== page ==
Robert W. Dash, a painter, poet, and extraordinary gardener, died after a long illness at Madoo, his home in Sagaponack, on Saturday. He was 82.
The buildings and gardens at Madoo were unique visions, “quirky and surprising,” like Mr. Dash himself, in the words of a friend, Claudia Thomas, a Madoo board member. “Bob and Madoo are part of the old Sagaponack,” she said, and the garden captures and preserves the sense of a world that is rapidly vanishing. That is not to say Madoo will not evolve. “Our task is to maintain and expand what he’s created in a way that he would want it done.”
Mr. Dash will be remembered for many achievements, but he was dear to The Star’s readers for his long-running bimonthly columns, “Notes From Madoo,” which were collected in book form by Houghton Mifflin Harcourt in 2000. Ruminating on anything from the winter doldrums to fairies, plants, weather, months of the year, and gardeners he admired, the spontaneous and free-form associations poured forth as if he were speaking to a learned friend or a kindred spirit.
Writing was just one of his pastimes, developed over a lifetime. He was born in New York City on June 8, 1931, to Emanuel Dash, an insurance executive, and Shirley Nisinson Dash. Due to illness, he was home-schooled as a child and, spending many hours by himself, developed interests in painting, poetry, and music that would continue throughout his life.
He graduated from the University of New Mexico with a bachelor’s degree in ethnology and literature. Returning to Manhattan in the mid-1950s, he became an editor for Noonday Press and an art critic for Arts and Art News while he took up painting at night. It was at this time that he came to know the poets James Schuyler, John Ashbery, Frank O’Hara, Douglas Crase, and Barbara Guest, as well as the painter Fairfield Porter, all of whom became lifelong friends. In 1961, the first solo exhibition of his work was presented at the Kornblee Gallery.
In 1974, he told an interviewer for the Archives of American Art’s oral history program that “the nice thing about painting is you don’t have words. It is just what it is. Take it or leave it. That is what I meant before about a more relaxed attitude about art in general. It is gratuitous, and I think one is very privileged if one has the talent and desire to do it.”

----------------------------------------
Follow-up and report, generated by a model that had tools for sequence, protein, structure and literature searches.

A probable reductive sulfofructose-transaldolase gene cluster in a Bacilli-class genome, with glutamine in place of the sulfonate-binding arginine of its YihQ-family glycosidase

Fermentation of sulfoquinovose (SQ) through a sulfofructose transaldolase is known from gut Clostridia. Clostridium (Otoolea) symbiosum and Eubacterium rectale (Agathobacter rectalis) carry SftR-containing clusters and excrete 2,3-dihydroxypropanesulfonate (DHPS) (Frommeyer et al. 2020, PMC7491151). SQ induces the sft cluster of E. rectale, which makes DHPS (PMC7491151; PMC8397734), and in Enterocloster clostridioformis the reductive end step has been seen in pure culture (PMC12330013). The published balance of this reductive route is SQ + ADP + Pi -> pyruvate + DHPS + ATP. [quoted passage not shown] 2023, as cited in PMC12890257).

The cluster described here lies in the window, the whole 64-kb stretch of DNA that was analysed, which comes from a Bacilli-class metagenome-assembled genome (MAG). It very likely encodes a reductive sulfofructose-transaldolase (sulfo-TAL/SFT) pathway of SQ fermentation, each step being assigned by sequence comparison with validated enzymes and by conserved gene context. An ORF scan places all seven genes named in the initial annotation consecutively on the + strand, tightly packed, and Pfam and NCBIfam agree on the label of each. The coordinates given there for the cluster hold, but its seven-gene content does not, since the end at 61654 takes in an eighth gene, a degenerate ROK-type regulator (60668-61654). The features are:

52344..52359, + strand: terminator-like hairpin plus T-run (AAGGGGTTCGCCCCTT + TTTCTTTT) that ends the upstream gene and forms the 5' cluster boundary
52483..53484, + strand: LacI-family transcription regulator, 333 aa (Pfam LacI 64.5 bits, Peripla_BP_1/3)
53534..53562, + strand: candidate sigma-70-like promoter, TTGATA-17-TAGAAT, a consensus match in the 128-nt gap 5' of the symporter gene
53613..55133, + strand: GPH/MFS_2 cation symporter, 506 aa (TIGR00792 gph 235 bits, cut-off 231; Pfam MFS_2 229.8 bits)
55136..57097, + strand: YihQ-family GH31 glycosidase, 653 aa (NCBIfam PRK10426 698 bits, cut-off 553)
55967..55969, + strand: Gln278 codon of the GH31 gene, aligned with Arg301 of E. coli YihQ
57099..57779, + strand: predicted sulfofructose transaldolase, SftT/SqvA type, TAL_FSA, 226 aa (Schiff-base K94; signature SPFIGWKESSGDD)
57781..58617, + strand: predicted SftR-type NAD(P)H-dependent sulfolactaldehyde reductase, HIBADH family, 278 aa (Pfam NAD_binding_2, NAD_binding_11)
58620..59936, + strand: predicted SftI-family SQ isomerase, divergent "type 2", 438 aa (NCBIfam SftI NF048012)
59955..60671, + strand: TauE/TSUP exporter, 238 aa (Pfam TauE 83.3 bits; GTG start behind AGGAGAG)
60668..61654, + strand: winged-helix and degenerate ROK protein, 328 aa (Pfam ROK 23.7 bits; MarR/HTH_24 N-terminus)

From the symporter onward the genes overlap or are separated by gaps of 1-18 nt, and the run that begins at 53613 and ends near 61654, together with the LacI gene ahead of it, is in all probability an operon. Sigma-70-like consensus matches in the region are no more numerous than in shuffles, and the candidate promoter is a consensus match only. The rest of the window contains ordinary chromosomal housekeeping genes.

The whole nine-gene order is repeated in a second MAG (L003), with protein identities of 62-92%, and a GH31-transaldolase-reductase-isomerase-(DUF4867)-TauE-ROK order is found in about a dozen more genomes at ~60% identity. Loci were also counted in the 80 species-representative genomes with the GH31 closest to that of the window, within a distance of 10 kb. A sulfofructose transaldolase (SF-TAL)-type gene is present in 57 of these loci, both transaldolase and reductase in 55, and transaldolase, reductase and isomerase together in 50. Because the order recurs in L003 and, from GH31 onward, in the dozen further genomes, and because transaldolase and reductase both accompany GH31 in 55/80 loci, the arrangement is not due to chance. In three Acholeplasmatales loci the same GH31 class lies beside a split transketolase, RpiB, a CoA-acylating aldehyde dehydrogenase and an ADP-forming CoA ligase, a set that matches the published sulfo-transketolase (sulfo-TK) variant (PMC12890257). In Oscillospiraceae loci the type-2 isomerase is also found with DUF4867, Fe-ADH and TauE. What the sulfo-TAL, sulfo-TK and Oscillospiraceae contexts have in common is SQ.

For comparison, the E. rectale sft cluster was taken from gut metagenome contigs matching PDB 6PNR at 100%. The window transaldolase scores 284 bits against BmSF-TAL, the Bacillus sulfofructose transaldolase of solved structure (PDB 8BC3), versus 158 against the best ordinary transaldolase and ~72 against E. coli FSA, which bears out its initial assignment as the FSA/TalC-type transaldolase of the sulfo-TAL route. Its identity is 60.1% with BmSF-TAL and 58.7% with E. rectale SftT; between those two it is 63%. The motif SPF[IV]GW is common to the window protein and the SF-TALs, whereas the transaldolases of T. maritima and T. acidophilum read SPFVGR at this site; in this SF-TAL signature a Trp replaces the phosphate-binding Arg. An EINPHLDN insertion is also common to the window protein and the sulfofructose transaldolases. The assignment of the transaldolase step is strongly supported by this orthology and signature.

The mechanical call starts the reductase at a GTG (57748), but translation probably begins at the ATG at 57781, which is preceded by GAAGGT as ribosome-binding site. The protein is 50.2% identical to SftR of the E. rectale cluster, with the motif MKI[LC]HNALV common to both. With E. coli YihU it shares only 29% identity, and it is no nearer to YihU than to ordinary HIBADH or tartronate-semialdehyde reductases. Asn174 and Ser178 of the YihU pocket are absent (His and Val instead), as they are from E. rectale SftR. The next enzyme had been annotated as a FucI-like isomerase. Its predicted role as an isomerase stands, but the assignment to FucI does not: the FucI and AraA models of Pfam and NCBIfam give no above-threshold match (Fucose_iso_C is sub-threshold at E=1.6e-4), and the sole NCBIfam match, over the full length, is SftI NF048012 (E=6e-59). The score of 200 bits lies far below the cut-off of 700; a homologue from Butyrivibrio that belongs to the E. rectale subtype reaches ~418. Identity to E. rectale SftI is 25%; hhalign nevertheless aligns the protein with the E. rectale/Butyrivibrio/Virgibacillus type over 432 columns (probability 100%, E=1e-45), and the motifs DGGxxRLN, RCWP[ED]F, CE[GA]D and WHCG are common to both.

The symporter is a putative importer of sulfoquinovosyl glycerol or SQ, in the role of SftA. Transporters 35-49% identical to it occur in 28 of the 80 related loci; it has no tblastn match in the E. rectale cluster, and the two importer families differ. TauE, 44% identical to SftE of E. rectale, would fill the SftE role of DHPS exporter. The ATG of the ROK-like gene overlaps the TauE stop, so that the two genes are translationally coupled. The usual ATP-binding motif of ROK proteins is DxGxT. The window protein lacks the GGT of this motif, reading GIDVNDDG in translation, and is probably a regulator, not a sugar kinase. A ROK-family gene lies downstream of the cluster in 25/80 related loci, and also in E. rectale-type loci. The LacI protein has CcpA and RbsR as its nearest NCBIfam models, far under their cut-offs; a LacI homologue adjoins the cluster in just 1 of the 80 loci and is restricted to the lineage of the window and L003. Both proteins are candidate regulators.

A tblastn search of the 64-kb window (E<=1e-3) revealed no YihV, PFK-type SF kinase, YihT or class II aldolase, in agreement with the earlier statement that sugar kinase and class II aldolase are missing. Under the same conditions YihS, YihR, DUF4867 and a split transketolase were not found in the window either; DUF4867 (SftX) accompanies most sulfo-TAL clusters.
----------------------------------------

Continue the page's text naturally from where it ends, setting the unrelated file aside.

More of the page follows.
Mr. Dash purchased the land that would become Madoo, meaning “My Dove” in Old Scot, in 1967. He began rearranging the historic 18th and 19th century buildings, renovating them and creating a summer house, where he died, as well as a winter house. Both have courtyards where plants were nurtured and fluorescent-lit studios where he painted.
The unique and whimsical gardens at Madoo evolved from the houses outward. He created trees out of privet hedges, meadows with ornamental grasses, an Elizabethan-style knot garden from cuttings of a single boxwood shrub. A simple bridge over a manmade pond was turned into a Chinese structure with the addition of a pagoda-style roof.
For the past two decades, the property has been deeded to the Madoo Conservancy, with Mr. Dash as lifetime tenant. The conservancy is charged with study, preservation, and enhancement of Madoo. The title to Mr. Dash’s decorative arts collections, artwork by his contemporaries, and extensive garden library in addition to his own paintings and drawings have now been transferred to the conservancy.
Jane Iselin, the president of Madoo’s board, said Mr. Dash left a document detailing his wishes for the site’s future management. “It was exquisitely written and about the spirit of the place, not specific plans, but that someone would have to carry on its spirit. He wrote ‘a garden is not preserved in amber.’ You can’t be unrealistic in stopping time.”
Alejandro Saralegui, Madoo’s executive director, said some of the ideas they had contemplated for the future included exhibitions in the studios and even artist residencies since the property can sleep six.
According to the conservancy, one of Mr. Dash’s greatest contributions to 20th century garden design was his Gingko Grove; “a sculptural stand of fastigiate gingkos with box balls planted among the trees.” The gardens were influenced by Rosemary Verey, a friend whose own gardens at Barnsley House in Gloucestershire inspired his laburnum arbor and frog fountain. Mr. Dash named his dog Barnsley with affection.
“Bob was an artist in the studio and the garden, an irreverent debunker of pretension, and one of the most cultured and elegant writers around,” Sheridan Sansegundo, the longtime arts editor of The Star, who retired in 2007, said.
Yesterday, she recalled her first visit to Madoo: “Coming from an English gardening tradition, where paintwork is, at its boldest, a timorous celadon, where yellow flowers are avoided, and where one would rather have slugs in the garden than dahlias or gladioli,” Madoo’s “bright chartreuse and purple gates, its exuberant, untamed plantings, its globes of box, like something from ‘Alice in Wonderland,’ opened my eyes to color in the garden like a thunderclap.”
Mr. Dash painted landscapes inspired by his South Fork surroundings, but they were taken from memory primarily, although he dabbled in realism as well, creating a group of paintings for the Chesebrough-Ponds company with recognizable settings from Bridgehampton and Sagaponack.
His work is in the collections of the Solomon R. Guggenheim Museum, the Museum of Fine Arts, Boston, the Philadelphia Museum of Art, the Hirshhorn Museum and Sculpture Garden, the Brooklyn Museum, and the Yale University Art Gallery, among others.
Mr. Dash’s archives of poetry, manuscripts, and letters were acquired in 2010 by the Beineke Library at Yale. They included rare items such as a poetry painting from a series that Mr. Dash created with his friend James Schuyler.